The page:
The National Weather Service–North Carolina State University Internship Course: Impacts and Success over a Generation

Thomas A. Green Jr. NOAA/National Weather Service, Raleigh, North Carolina

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Daniel Leins NOAA/National Weather Service, Raleigh, North Carolina

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Gary M. Lackmann Department of Marine, Earth, and Atmospheric Sciences, North Carolina State University, Raleigh, North Carolina

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James Morrow NOAA/National Weather Service, Raleigh, North Carolina

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Jonathan Blaes NOAA/National Weather Service, Raleigh, North Carolina

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Abstract

Nearly 100 North Carolina State University (NCSU) students have participated in a unique, highly structured internship course conducted by the National Weather Service (NWS) Weather Forecast Office (WFO) in Raleigh, North Carolina. Here, we explore the impact that this course has had on their professional development and career trajectories. As of this writing, the course has been running for 17 years; this paper provides an update on how the course has changed over time, and information concerning participant outcomes. Changes include a reduction in class size to allow for more individualized mentoring, and the addition of experiences outside of the WFO. The course serves as a compelling selling point in student recruiting for the Department of Marine, Earth, and Atmospheric Sciences (MEAS), and participation also helps to ensure that the curriculum is adequately preparing students for positions in the NWS. The NWS benefits from a pool of potential employees that will require less spin-up time if hired; additionally, some NCSU graduates have participated in similar student volunteer programs at their respective offices once hired.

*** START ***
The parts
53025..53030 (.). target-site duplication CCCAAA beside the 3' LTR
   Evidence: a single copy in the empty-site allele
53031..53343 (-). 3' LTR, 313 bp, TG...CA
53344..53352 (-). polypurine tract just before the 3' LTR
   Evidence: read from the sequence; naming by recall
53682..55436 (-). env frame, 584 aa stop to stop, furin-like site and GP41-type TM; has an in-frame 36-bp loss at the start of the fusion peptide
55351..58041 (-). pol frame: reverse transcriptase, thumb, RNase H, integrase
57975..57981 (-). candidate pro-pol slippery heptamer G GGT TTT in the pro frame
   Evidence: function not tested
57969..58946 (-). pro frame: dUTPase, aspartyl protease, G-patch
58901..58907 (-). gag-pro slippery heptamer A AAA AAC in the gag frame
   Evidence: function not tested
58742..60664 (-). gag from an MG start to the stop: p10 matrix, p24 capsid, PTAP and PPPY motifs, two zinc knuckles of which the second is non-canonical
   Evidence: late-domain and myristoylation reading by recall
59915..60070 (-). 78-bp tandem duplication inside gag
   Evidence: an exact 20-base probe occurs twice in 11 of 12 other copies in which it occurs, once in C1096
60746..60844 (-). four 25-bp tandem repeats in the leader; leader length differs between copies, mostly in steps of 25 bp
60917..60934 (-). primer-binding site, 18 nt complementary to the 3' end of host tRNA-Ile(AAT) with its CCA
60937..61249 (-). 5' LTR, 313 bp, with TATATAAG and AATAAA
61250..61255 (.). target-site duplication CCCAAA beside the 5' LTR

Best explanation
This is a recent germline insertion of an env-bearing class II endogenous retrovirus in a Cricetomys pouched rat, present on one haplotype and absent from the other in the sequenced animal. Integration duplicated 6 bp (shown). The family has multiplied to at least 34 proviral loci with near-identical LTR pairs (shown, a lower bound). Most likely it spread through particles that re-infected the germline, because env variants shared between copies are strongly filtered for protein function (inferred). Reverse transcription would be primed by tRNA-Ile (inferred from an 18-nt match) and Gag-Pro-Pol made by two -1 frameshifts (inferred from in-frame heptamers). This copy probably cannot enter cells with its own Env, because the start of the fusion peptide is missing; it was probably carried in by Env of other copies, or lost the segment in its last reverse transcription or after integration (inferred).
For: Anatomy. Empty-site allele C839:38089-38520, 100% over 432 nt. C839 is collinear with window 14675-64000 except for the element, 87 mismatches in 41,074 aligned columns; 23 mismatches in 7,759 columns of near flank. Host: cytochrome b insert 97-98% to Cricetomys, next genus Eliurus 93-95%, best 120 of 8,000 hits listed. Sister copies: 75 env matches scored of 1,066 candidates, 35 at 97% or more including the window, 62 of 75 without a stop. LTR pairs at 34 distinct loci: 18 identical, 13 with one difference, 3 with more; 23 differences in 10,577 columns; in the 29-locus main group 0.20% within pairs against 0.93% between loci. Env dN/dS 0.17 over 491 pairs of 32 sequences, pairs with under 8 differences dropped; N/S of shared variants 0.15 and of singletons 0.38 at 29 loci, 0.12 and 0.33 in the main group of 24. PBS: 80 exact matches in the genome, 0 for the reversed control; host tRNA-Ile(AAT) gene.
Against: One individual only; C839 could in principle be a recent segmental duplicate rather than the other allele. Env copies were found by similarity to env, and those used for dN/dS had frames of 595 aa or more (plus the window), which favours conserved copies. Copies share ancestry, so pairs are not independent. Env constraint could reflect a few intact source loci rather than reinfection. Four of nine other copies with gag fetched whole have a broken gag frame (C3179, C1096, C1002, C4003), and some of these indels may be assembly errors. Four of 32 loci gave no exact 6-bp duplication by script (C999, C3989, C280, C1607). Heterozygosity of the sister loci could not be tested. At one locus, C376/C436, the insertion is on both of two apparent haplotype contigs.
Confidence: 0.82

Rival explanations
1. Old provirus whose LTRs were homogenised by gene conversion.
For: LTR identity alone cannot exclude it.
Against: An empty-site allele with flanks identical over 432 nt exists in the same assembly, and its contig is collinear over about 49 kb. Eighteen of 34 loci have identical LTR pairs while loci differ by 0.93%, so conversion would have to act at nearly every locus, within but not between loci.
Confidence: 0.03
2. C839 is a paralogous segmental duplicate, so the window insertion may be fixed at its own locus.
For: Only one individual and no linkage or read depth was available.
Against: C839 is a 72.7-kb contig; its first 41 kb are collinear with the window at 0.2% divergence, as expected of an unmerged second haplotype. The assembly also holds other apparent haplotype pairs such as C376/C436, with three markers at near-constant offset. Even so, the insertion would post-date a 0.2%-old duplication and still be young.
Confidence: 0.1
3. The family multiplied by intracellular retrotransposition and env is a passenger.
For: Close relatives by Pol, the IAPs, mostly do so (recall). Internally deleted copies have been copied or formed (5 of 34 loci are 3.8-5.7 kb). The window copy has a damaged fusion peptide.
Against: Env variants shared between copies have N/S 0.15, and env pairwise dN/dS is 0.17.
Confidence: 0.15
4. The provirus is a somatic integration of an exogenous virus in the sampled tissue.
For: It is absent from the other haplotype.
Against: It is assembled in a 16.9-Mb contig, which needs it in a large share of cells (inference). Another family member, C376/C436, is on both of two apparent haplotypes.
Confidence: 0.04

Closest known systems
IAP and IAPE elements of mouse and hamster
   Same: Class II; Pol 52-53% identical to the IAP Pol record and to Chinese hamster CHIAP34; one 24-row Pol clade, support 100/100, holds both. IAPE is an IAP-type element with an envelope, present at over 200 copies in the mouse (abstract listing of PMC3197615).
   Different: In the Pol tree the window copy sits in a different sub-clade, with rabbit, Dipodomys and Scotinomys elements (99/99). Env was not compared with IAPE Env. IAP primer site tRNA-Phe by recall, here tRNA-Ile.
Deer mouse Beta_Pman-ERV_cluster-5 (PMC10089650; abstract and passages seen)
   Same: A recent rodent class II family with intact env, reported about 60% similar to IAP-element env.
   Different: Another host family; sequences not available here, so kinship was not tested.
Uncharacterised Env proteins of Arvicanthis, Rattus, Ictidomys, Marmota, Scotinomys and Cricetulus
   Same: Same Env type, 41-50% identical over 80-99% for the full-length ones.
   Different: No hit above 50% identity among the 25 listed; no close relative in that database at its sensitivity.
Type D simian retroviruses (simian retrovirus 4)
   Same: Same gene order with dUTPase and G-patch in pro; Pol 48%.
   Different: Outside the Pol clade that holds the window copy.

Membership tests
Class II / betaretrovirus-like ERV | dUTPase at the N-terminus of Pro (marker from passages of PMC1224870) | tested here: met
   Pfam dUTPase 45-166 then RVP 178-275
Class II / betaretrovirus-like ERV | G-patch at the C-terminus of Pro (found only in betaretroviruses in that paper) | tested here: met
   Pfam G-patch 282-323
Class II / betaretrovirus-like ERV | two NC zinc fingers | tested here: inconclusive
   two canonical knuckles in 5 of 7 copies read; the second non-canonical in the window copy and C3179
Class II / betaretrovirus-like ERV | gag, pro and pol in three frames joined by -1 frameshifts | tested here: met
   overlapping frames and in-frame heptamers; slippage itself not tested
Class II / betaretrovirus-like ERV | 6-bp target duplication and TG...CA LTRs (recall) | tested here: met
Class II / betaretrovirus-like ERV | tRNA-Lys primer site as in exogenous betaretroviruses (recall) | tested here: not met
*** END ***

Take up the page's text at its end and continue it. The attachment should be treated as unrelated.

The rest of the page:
© 2021 American Meteorological Society. For information regarding reuse of this content and general copyright information, consult the AMS Copyright Policy (www.ametsoc.org/PUBSReuseLicenses).

Corresponding author: Thomas A. Green Jr., tom.green@noaa.gov

Abstract

Nearly 100 North Carolina State University (NCSU) students have participated in a unique, highly structured internship course conducted by the National Weather Service (NWS) Weather Forecast Office (WFO) in Raleigh, North Carolina. Here, we explore the impact that this course has had on their professional development and career trajectories. As of this writing, the course has been running for 17 years; this paper provides an update on how the course has changed over time, and information concerning participant outcomes. Changes include a reduction in class size to allow for more individualized mentoring, and the addition of experiences outside of the WFO. The course serves as a compelling selling point in student recruiting for the Department of Marine, Earth, and Atmospheric Sciences (MEAS), and participation also helps to ensure that the curriculum is adequately preparing students for positions in the NWS. The NWS benefits from a pool of potential employees that will require less spin-up time if hired; additionally, some NCSU graduates have participated in similar student volunteer programs at their respective offices once hired.

© 2021 American Meteorological Society. For information regarding reuse of this content and general copyright information, consult the AMS Copyright Policy (www.ametsoc.org/PUBSReuseLicenses).

Corresponding author: Thomas A. Green Jr., tom.green@noaa.gov
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  • Brennan, M. J., K. Keeter, A. J. Riordan, and G. M. Lackmann, 2005: Expanding horizons with an NWS internship course. Bull. Amer. Meteor. Soc., 86, 14071409, https://doi.org/10.1175/1520-0477-86.10.1401.

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